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Not Just For Indulgence: Massage

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Yes, you now have an excuse for to pamper yourself! Massage isn’t just a sinful indulgence to relax and pamper your senses. Massage is good for you body! It promotes blood circulation, lymph drainage, relaxes tired muscles, works out the knots in tense muscles and aids in recovery.

Read on to find out how massages help you and how you can add massage to your list of recovery therapies!

Types of Massage

There are many types of massages out there but they generally fall into 3 general categories:

  • Gentle Massages
    Swedish, Aromatherapy, Sensual and many other type of massages fall into this category. In general, Gentle Massages stroke, smooth and caress the skin without applying too much pressure.
    This produces a gentle, relaxing massage that also helps promote blood circulation, muscle relaxation and lymph drainage.
  • Deep Tissue Massages
    You’ll find Sports and Deep Tissue massages fall into this category. The masseur will exert much more pressure so as to get deep into the muscle tissue and work out knots and tightness from them.
    Deep Tissue massages tend to be uncomfortable to the point of hurting as the masseur will be applying enough pressure to break up tension knots deep in the muscle.
  • Pressure-based Massages
    Shiatsu, Thai and Chinese massages fall into this category. Pressure based massages don’t focus on strokes rather relying on kneading, pushing and pulling the muscle area. Thai massage famously uses no oil and is done with the client wearing loose and comfortable clothing.
    Despite the lack of oil and strokes, Pressure-based massages are often very relaxing and help loosen up tight muscles and joints.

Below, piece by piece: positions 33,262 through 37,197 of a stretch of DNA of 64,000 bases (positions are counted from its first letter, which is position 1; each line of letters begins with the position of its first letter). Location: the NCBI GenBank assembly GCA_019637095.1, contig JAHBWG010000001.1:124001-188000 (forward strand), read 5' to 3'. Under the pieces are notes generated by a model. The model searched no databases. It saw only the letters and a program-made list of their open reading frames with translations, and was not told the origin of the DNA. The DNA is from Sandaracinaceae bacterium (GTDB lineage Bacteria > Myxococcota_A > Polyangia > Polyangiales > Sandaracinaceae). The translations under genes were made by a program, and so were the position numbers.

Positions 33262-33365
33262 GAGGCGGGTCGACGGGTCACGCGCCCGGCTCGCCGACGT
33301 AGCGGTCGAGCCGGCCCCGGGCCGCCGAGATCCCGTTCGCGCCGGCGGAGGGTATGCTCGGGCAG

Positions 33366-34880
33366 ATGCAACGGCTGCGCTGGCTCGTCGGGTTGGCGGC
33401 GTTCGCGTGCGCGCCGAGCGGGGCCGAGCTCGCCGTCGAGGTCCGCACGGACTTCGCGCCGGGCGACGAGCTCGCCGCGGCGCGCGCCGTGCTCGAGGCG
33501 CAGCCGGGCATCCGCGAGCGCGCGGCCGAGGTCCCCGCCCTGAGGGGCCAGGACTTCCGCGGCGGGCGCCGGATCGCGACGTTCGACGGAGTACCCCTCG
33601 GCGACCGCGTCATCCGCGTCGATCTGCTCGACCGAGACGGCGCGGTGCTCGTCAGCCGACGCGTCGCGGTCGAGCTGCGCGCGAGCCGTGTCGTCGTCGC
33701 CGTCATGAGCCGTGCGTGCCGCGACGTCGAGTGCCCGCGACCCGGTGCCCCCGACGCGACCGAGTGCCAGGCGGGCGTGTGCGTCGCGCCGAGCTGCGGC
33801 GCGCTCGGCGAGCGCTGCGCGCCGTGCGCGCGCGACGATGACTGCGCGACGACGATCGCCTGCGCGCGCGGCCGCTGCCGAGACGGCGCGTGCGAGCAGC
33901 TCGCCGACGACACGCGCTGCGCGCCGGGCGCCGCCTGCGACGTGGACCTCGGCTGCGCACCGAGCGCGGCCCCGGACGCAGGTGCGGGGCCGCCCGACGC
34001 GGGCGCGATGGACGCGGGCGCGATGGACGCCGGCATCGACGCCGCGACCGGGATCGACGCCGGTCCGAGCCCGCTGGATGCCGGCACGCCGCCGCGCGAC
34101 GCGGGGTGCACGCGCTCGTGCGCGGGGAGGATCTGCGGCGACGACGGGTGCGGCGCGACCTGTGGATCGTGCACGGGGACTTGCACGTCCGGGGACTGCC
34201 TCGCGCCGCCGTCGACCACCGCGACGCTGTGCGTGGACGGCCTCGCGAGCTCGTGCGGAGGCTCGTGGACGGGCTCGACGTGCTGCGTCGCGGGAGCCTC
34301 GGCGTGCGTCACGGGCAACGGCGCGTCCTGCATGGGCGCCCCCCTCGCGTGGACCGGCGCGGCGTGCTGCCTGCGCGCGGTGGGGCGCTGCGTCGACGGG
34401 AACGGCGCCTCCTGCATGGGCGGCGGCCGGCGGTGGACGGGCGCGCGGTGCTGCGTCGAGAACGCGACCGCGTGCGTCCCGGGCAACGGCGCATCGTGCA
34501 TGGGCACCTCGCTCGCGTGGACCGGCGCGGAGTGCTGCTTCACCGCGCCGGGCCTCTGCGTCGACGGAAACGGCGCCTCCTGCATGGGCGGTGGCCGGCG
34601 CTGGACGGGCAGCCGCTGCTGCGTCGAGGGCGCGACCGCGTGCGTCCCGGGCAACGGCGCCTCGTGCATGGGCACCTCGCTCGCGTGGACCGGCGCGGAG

Which type of massage you’re going for depends on how your body feels. If you’re feeling great with no aches and pains you might want to go for some gentle swedish massage to relax your muscles.

If you’re a golfer or involved in a sport which twists and turns your joints alot, you may want to try some Thai massage to unlock all those stiff joints.

If you’re a runner, weight lifter, cyclist, climber or other athlete that uses muscular power a lot then you’ll definitely want to take some deep tissue massage to work out the knots in your muscles.

How To Choose A Good Masseuse

Not all massages are created equal and you can’t tell how good or bad a masseur is from his / her looks alone, you’ll need to experience their hands for yourself.

Some things to look out for:

  • Pressure
    Make sure your masseur uses appropriate pressure for you. This is extremely individual so you’ll want to make sure that they’re pressing hard enough to work deep into your muscles but not so hard that you’ll get bruised up.
  • Stroke Technique
    Take note of how smooth their strokes are, the strokes should be quick or abrumpt but rather smooth and flowing.
  • Experience
    An experienced masseur will be able to tell which parts of your body needs work the most and will spend more time on it. They’ll be able to tell by how tense or knotted your muscles are in that part of the body. If your masseur can’t tell, don’t be shy and speak up!

When To Go For A Massage

  1. If you’re body is feeling tense, tight or cramped.
    If you’re feeling all tight or achy, it’s a good time to go get those muscles worked out. The kneading, pulling and stretching will sort out the tension in your body.
  2. If you’re an active sports person.
    If you’re actively involved in sports, say more than 4 times a week and high intensities, try to get a massage every other week. You’ll find it does wonders for your recovery and performance.

When NOT To Go For A Massage

  1. When you’re ill.
    If you’re down with the cold or a fever, a massage may sound nice but resist the urge to go get one! Your body is already hard at work fighting off infection, rebuilding damaged tissue and generally working to get you healthy again. Let your body do it’s work.
  2. If you’ve bruising, cuts or wounds on your body.
    Massage isn’t good if you’re wounded. Since there’s pressure, pulling and stretching involved it will aggravate the wound. Make sure you’re all healed first (including bruises!) before you add massage to your list of recovery therapies.
  3. If you’re diabetic
    Since massage involves pressure, be careful of going for massages if you’re diabetic. Too much pressure can cause bruising which would be dangerous for diabetics.

 

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